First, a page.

Example 1,097 of a white publication showing its ass when it tries to write about Native Americans comes to us from The Economist, a magazine that Ivy League grads keep on their coffee tables to convince their parents and friends their tuition wasn’t a total waste. In its Dec. 1 issue, the editors of the magazine published an article that reviewed the recent midterm victories by Oklahoma Gov.-elect Kevin Stitt and U.S. House Rep.-elects Deb Haaland and Sharice Davids. As we’ve previously covered, Stitt will be Oklahoma’s first Native governor while Haaland and Davids are the first Native women to win a seat in Congress.
The article was first brought to my attention by Dr. Adrienne Keene, who fired off a brief but instructive Twitter thread about it on Monday afternoon. Like most Economist pieces, it does not include a byline. Instead, the print edition uses the headline, “Off the reservation,” and both the digital and print editions make use of ghastly art—a headdress imposed to be sitting atop the U.S. Capitol—a pair of editorial decisions so unbelievably insulting that it stands to reason that not a single member of the editorial team who approved them has ever met, let alone talked to, an actual Native person and realized it. If you need to have it spelled out why using the term “off the reservation” will always be a heinous decision, I suggest this piece from Suzan Harjo at Indian Country Today.
The optics, of course, are far from the first-and-last offenders—the piece itself contains writing that very clearly lacked a single set of Native eyes, a fact made apparent by nearly every sentence in the following paragraph:
This represents an acceleration of a welcome trend. Indians are doggedly beset by poverty, ill health and other social problems. Yet the picture of wretchedness on the reservation this conjures is misleading. Over 70% live in cities, where an educated Indian middle class has emerged. Some of that progress is driven by Indian casino revenues—which also helped fund Ms Haaland’s campaign. But it mainly reflects a positive transformation in the way Americans view native history and culture. Several factors—including the legal protections and economic benefits Indians secured in the 1960s, the environmental movement, and a cultural rethink by Hollywood—have encouraged anyone with Indian blood to identify as native. This phenomenon, known as Cherokee Grandmother Syndrome, explains rapid growth in the Indian population. It leapt by over a quarter between 2000 and 2010. Ms Haaland is half-white; Mr Stitt does not look Indian at all.
This is...a lot, and none of it is anywhere in the realm of being good, acceptable, or correct. After the piece skips right over the reason why rez life is plagued by poverty—the U.S. government has never given more than two shits about us and used its army to herd us to places it knew would be food and economic deserts—it tries to make the case that things aren’t so bad for Native peoples who no longer live on a reservation. This ignores that dozens of state-recognized tribes were never granted reservations because of the stingy federal government.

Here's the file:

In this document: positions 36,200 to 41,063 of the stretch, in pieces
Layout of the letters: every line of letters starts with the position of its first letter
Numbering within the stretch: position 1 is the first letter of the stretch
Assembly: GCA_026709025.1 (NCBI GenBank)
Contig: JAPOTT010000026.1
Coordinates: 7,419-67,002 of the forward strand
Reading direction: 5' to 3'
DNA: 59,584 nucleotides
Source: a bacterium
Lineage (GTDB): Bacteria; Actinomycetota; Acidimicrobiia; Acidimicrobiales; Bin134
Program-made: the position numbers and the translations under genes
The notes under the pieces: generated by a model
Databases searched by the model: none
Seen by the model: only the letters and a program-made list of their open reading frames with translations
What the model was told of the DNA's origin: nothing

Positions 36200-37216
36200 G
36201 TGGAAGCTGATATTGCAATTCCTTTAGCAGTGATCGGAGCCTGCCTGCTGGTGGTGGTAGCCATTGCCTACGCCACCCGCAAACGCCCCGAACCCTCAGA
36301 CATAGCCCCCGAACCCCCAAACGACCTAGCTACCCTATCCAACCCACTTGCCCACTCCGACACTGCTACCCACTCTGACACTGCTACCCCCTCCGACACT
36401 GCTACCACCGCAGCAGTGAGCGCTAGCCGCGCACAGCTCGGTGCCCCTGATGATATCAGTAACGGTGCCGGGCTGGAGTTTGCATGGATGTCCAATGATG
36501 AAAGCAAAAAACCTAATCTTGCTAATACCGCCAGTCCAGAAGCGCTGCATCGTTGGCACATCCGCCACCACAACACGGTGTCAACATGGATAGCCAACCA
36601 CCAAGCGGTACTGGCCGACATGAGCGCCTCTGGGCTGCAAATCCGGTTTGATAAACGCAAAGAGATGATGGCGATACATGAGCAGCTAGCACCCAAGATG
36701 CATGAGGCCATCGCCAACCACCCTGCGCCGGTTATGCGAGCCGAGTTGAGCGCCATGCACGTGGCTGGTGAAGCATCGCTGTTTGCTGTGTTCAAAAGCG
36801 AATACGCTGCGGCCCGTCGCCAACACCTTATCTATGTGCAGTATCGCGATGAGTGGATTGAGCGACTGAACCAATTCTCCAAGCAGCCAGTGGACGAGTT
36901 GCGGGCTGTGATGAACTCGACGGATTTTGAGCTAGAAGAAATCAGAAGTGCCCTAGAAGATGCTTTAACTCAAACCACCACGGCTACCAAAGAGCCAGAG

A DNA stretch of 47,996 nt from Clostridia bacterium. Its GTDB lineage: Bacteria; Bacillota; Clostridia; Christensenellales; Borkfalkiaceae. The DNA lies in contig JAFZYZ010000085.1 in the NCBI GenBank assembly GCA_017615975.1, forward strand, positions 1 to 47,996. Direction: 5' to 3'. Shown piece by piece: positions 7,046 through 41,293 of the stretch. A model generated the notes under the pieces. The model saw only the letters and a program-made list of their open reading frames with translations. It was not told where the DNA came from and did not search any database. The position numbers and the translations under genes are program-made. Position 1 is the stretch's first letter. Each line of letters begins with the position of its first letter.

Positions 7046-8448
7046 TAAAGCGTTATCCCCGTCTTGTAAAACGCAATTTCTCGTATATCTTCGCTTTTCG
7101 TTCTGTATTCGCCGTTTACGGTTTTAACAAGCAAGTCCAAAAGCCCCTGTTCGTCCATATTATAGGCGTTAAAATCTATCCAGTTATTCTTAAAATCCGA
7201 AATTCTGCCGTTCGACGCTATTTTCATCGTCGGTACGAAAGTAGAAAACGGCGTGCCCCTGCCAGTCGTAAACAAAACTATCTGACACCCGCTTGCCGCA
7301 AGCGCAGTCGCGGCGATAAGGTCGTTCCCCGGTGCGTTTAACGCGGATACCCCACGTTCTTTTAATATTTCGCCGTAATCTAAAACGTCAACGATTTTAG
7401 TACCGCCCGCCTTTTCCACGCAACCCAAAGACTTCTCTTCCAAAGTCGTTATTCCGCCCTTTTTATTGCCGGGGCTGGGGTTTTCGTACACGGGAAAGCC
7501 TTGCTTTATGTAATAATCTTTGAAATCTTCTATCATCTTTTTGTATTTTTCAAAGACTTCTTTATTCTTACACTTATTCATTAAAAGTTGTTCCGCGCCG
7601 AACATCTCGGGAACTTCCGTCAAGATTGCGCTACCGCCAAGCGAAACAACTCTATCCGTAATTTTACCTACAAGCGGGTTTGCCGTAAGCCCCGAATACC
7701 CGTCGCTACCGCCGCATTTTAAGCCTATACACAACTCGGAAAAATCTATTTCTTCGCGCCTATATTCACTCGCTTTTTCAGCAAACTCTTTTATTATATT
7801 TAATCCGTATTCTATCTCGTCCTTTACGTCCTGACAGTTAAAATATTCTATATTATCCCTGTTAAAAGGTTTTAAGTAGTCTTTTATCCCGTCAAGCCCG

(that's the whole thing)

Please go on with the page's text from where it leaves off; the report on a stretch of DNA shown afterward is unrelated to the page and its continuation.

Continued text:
The piece then bleeds over into a botched attempt to explain to the presumably non-Native reader that, actually, life is far better for this particular minority group than it was in the 1960s. This is a fact that’s true for every single minority group in America and in no way unique to Native nations, but one that makes the white folks who wrote this feel all warm and tingly on the inside.
Over the course of a single em-dash aside, the author and the editors who worked on this garbage glide over the realities that the “economic benefits” secured during this time continue to fail and kill Native people; as for the line about the purported “cultural rethink by Hollywood,” well, it’s safe to say the author didn’t see the latest offering from the Coen Brothers. These are supposed to be reasons that more white people are attempting to claim Native ancestry for personal gain; instead, here, they are ahistorical asides that do little more than pat colonizers on the back for making imaginary strides on the issue of Native representation.
Those attempts at whitewashing the truth of 21st century life as a Native person, however, still aren’t the lowest notes of this piece—that belongs to these two sentences, the first of which concludes the above paragraph.
Ms Haaland is half-white; Mr Stitt does not look Indian at all.
And then there’s No. 2, which I can only recommend you brace yourself for:
Ms Haaland’s ethnicity also helped her shrug off two convictions for drunk driving.
In just a couple dozen words, the Economist laid bare the monumental shortcomings found in every single mainstream national publication—the concept of being Native, of belonging to a tribe that claims you and supports you and bleeds your blood, is one foreign to the vast majority of people in media. And because I can literally count on my hands the number of Native authors published in major publications in the past year (it only takes one hand to count those that have actual staff positions), this experience hardly ever makes it to the final edition of an article. By that time, any realistic, honest writing about the Native experience has been caked in layers of a white person’s projection of what it is to be Native.
The danger here isn’t that publications don’t realize they’re being discriminatory and lazy as they cross off the necessary checkpoints by noting the stereotypes around “Indianness” and rez life; the danger is that they all think they’re doing The Right Thing, being good colonizers, being open-minded. The bar is low because they’ve never had a Native set it for them before, and now, in a case where the art and headline alone should have resulted in an apology in the most recent edition of the Economist, this piece is instead just business as usual.